In April 2016, two and a half acres of “Marselan” were planted on four terraces just above the sisters’ Abbey. Here the slope between each terrace can reach an altitude of nine meters. Planted in these conditions, this variety should enrich the red wine grapes that improve with age. Perched high on the fourth terrace, one is dazzled by the spectacle: in the foreground the other three terraces of young vines are visible; to the west are the foothills of Mont Ventoux; then back towards the south one sees the tile roofs of the sisters’ monastery and the valley planted with vines, with in the distance, on a peak, the castle of Le Barroux, which seems to protect the plains of Carpentras while at the same time watching over the brothers’ abbey perched on a twin peak; and finally, a little to the east, are the Dentelles de Montmirail, with their extravagant natural crenellations.
CARITATIS A PATH OF EXCELLENCE – MONKS AND WINEGROWERS
The magnificent grape harvest of 2015 offered a fitting crown to the perseverance of the monks, nuns and winegrowers, and hints at the prospect of some superb wines.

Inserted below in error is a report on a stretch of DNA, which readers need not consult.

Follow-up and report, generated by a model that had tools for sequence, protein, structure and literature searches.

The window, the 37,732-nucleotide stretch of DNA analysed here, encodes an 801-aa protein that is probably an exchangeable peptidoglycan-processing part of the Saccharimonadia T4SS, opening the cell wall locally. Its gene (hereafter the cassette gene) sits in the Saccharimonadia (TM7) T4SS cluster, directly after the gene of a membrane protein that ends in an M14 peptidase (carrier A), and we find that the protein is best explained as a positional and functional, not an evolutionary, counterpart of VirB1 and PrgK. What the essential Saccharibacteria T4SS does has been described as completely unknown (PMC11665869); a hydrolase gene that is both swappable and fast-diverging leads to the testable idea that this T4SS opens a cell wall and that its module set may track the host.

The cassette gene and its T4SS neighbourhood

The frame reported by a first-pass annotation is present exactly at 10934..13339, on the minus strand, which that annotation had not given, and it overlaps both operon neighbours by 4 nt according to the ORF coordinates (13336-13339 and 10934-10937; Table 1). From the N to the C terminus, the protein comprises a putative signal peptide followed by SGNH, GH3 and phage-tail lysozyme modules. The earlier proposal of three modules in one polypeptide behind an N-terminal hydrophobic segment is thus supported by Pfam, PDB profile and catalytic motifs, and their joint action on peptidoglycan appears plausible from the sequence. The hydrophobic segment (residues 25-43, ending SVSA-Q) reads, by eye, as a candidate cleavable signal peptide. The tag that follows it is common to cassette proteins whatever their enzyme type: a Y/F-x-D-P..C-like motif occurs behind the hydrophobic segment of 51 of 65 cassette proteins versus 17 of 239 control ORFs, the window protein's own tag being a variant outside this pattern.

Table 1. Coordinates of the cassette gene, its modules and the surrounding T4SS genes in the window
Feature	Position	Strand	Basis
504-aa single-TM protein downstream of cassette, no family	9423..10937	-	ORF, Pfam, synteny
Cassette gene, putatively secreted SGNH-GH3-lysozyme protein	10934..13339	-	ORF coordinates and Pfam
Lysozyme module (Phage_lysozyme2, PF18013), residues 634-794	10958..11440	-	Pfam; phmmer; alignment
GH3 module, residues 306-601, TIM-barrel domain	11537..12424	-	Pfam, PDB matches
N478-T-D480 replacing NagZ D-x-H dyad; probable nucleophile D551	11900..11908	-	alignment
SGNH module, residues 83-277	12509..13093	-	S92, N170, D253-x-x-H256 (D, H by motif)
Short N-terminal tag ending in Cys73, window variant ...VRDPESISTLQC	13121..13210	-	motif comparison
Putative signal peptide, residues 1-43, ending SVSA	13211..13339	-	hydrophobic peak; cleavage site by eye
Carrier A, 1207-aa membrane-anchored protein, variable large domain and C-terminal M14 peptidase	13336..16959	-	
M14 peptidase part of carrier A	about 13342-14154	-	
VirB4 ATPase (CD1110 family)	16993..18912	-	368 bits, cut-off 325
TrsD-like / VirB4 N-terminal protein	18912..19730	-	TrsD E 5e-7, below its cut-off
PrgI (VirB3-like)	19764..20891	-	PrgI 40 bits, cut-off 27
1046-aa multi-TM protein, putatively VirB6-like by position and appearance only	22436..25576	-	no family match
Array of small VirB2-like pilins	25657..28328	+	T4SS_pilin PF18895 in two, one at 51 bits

Further providential encounters with prominent figures in the world of wine encouraged us to seal the bond between the two abbeys and the winegrowers, by creating a common identity that reflects what the monks, nuns and winegrowers all desire: the profound charity that inspired this project, the historical and spiritual heritage that they have inherited, the numerous friendships that have sprung from this adventure and the desire to share them through the creation of a noble wine, guided our choice of the name : VIA CARITATIS.
The President of the Wine Academy of France, Jean-Robert Pitte, honors us by supporting this commemoration of our monastic and papal wine heritage. The oenologist Philippe Cambie with his talent, experience and encouragement, has given us invaluable help with the blending of the different types of grapes to obtain the best possible wines. And Michel Trama, the renowned chef, has offered his expert advice in suggesting food and wine pairings.
The CARITATIS wines will be ambassadors for the best of the history, the wines, and the terroir of Provence. And we especially hope to participate in spreading a Spirit of Charity, which is at the heart of the terroir that produced them.